On to more technical things, I spent the other weekend researching some spam filtering techniques and applied them. In principle, some were a little over the top and some were perfectly reasonable. The over strong ones were pulled out immediately when I realised they were blocking things that my users were perfectly entitled to receive. However, I noted a while back that all UK universities and AOL now block mail from systems where the forward and reverse DNS lookups don’t match, since most spam is now generated by virus infected PCs around the world, not legitimate mail servers that simply send out spam. So, I implemented this, I also blocked mail from domains which didn’t have DNS MX records, machines which didn’t have fully qualified domain names and any bounce messages that don’t contain my domain in the original message-ID.
To me, these all seem perfectly reasonable, I already drop mail from anyone who claims to be my mail server, who opens with an IP only HELO statement, servers in a few reliable spam blacklists and anyone mailing viruses or banned file extensions. Unfortunately, my new policies seemed to break the whole world. Or more specifically, the whole world seems to be broken and playing by the rules means you don’t get to receive any mail. Genuine, legitimate mail from properly configured servers got through but it seems that loads and loads and loads of servers are badly configured. The spam rate dropped to almost zero, a few still got through, but the amount of genuine mail that failed was astonishing. I mailed a few sysadmins on postmaster and hostmaster addresses (an RFC requirement for mail and DNS servers!) to find that those addresses didn’t exist, in one case I trawled around and found and address for one admin and mailed him, he still hasn’t replied.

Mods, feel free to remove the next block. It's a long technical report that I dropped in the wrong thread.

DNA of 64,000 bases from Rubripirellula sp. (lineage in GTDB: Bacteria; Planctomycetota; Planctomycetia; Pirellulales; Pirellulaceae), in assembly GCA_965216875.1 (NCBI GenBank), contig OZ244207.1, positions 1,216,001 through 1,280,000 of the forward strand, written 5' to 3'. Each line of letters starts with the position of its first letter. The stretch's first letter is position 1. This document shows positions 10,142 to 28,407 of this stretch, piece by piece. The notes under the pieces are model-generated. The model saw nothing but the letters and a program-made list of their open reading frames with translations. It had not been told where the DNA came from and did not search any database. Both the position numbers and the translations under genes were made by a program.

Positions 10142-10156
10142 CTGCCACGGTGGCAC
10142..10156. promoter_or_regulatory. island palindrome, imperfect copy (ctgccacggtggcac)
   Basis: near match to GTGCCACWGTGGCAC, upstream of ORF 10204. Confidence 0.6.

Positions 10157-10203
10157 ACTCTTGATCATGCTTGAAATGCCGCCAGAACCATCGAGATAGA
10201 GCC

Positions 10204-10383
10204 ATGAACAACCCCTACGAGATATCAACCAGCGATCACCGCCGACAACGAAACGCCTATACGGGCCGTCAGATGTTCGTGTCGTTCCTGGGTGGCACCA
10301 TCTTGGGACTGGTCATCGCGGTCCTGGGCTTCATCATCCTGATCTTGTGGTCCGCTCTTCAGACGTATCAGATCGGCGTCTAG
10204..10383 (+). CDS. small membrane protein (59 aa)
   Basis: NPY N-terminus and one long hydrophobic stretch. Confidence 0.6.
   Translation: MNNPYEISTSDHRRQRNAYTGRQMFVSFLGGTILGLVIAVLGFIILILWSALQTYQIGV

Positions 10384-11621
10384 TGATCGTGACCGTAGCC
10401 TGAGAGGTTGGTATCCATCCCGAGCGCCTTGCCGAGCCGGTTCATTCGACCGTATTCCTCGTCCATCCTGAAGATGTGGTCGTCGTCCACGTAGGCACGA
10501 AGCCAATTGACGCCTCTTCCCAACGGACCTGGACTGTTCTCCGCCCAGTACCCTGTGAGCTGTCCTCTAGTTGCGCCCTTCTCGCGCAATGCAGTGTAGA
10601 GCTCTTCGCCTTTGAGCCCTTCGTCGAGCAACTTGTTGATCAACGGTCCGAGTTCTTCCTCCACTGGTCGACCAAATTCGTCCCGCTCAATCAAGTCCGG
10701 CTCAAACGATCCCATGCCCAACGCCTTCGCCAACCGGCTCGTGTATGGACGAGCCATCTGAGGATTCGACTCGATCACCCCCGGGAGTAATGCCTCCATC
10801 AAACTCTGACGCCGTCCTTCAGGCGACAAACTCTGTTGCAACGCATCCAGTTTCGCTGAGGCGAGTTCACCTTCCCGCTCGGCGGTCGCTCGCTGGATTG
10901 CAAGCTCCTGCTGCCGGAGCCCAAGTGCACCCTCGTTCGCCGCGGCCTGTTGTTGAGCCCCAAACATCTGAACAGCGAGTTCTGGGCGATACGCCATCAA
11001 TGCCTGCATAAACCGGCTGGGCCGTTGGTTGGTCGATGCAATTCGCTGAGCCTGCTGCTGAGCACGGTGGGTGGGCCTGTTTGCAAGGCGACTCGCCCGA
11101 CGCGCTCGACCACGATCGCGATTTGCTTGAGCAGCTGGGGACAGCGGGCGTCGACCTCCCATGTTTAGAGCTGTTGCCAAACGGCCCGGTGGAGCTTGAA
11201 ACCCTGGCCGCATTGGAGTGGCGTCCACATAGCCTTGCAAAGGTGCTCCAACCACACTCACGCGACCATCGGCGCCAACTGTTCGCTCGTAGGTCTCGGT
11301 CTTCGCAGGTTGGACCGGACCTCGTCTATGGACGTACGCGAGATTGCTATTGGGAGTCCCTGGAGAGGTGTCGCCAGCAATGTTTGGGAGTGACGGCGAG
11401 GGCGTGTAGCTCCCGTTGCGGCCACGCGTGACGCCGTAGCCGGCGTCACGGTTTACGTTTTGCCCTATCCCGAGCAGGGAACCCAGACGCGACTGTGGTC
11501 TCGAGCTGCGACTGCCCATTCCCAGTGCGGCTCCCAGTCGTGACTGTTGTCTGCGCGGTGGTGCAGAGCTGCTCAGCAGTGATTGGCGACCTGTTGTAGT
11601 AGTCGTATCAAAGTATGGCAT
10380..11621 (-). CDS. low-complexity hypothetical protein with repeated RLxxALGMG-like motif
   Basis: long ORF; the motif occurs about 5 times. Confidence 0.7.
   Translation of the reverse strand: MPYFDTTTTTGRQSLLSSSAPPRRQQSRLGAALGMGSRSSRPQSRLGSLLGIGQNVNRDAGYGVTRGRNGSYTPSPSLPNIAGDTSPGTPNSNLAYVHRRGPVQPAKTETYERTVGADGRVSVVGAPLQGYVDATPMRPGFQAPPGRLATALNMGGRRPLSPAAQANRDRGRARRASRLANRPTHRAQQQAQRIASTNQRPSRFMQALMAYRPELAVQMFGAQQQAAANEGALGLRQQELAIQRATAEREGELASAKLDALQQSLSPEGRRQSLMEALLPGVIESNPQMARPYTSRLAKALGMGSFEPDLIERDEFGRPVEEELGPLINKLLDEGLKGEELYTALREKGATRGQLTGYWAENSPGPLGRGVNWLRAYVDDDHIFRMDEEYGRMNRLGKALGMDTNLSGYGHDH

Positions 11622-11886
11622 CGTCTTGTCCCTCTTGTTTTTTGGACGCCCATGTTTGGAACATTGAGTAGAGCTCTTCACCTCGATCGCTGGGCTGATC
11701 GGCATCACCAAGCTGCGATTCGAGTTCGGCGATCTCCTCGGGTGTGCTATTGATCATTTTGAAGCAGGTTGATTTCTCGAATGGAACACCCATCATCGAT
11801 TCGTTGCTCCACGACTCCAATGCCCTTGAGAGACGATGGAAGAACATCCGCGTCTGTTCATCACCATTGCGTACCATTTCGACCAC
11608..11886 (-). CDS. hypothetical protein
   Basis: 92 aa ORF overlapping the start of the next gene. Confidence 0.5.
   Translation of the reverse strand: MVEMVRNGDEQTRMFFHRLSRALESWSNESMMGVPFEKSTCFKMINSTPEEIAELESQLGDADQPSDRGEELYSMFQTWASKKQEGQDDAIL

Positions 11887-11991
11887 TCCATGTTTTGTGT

In the end some of my users were losing important mail from so many places it was impossible to whitelist every sender or coax every (well, any) mail admin to do anything about this stuff that I had to pull the rules and let the spam rain down. It appears that about 2 or 3 years ago, AT&T did the same thing and had to make the same climbdown. I was really fucked off.
People: if you are going to run a mail server make sure you have forward and reverse DNS lookups that match. Make sure you have webmaster, hostmaster, postmaster and abuse email addresses that actually point to a real person. Implement an SPF record in your DNS to say which hosts can send mail for your domain. Make sure your mail bounce messages contain the domain name of the sender or sending mail server.
In more geek news, I have to decide whether to go back to uni and finish my degree or not. To be honest I don’t think I can work and finish my degree at the same time and I can’t afford to not work, so I think that partly answers the problem, but also I don’t think a degree is particularly useful in career terms for what I want to do. I’m far more interested in doing a CCNA which I think will be inifinitely more useful. The only downside of not going back to finish my degree is that having a Diploma in Higher Education will be bad for my CV as it will look like I can’t finish what I start, which is not the case at all, it’s just that the whole thing made me so miserable I thought I was going to crack up and I chose my well-being above all else. It also looks like the Student Loans Company might be shafting me on the interest as my repayments don’t cover what I’m being charged in interest every month by about a third. Have to sort that out. And that…